This letter written by Albert Einstein to his 11 year old son resonates with me. I really never enjoyed learning the school way. Rote memorization and absorbing dry facts through external pressure was not natural to me.

The only real and exciting learning of facts experience I enjoyed was when a high school student teacher entered the picture. He was enthralled with history and his enthusiasm was infectious. He brought the WWII material to great mental life. Made it real and human. If only all teachers had his enthusiasm and ability.

I enjoyed English classes that involved literature. To the point of reading the entire literature book as soon as I got it, which teachers tended to frown upon. Never quite understood that. Maybe it was just so unfamiliar to have a kid actually love reading that much that it threw them. It does reinforce Einstein’s point.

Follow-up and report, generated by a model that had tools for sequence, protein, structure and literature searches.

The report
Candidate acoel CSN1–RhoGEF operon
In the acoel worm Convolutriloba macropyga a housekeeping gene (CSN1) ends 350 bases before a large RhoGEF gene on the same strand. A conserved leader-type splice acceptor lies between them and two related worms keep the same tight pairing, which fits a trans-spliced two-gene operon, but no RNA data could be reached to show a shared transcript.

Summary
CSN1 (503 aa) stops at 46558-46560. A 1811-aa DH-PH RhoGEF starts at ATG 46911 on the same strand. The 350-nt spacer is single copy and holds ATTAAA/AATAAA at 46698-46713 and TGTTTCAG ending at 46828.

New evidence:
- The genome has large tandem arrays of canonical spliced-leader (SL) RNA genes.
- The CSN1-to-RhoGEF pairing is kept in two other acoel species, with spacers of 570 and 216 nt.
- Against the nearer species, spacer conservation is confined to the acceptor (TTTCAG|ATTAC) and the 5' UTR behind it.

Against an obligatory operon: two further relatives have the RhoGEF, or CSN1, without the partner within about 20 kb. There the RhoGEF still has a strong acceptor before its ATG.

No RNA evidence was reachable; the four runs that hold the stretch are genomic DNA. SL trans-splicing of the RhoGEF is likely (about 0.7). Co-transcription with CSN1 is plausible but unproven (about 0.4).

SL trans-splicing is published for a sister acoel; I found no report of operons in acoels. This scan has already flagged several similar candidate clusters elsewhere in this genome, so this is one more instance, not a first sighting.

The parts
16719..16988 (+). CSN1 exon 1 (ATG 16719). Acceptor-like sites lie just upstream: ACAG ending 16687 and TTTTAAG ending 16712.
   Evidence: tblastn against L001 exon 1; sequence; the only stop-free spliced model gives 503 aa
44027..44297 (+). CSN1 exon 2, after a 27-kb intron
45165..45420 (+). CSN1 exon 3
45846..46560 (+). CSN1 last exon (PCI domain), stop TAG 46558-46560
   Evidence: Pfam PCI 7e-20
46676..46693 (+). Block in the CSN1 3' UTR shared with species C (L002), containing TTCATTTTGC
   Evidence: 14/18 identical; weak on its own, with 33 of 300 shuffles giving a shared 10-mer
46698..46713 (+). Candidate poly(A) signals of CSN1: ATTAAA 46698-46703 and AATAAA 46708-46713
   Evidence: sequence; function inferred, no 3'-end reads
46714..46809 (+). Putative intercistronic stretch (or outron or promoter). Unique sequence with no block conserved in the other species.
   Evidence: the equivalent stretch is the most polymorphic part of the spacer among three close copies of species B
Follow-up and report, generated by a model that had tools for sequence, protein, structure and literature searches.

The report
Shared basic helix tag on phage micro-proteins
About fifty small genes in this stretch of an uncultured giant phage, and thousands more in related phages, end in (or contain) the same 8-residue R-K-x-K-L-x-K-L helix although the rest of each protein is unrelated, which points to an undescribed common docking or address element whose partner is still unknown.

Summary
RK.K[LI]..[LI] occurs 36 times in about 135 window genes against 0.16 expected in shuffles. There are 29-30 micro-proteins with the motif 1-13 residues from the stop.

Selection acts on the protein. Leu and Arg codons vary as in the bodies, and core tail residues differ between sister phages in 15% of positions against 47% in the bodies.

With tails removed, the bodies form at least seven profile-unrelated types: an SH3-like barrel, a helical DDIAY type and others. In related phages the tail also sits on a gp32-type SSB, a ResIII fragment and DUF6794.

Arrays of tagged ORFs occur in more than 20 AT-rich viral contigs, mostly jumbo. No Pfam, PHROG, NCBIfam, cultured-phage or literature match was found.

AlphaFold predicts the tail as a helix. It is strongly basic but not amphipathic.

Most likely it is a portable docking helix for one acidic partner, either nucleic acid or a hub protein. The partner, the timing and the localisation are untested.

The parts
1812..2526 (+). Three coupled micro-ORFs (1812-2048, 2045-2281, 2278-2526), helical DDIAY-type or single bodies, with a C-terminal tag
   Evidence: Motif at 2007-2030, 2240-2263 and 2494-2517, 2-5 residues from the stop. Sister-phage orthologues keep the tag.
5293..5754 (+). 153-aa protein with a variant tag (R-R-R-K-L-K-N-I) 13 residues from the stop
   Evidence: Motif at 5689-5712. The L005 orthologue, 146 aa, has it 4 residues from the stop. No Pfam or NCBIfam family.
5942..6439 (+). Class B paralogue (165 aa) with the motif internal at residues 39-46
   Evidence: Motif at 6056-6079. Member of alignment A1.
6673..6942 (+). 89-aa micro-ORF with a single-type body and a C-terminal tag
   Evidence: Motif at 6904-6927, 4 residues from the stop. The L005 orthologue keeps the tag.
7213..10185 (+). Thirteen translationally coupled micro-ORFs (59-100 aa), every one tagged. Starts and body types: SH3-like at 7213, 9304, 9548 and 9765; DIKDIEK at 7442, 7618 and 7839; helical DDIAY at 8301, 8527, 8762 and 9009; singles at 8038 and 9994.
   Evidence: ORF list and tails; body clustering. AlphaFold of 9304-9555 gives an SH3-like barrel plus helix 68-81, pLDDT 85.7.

I was eager to learn from doing what I enjoyed most. I think that’s why I feel my greatest education came from travel, experiencing different cultures, seeing first hand some of the places I’d read about. Walking on London cobblestones and looking up at the unblinking windows of Versailles are entirely different experiences to a person who loves Dickens. They throb and vibrate on a mental frequency that passes through literature and history. To others it’s mere rocks and glass.

So I love Einstein’s thoughts on creativity and the great value of losing yourself in what you love most to do. It’s come to be the way I feel about writing fiction and screenplays. There’s the love for the act of creating something. And there’s also the enjoyment found in forgetting to eat or not wanting to sleep because while you’re doing it, it’s the only thing you want to do.

It’s so cool that Einstein was so brilliant that he lived in the realm of taming space and time, yet he also understood the importance of giving ourselves over to simpler, more earthbound endeavors. And recognizing their great value.

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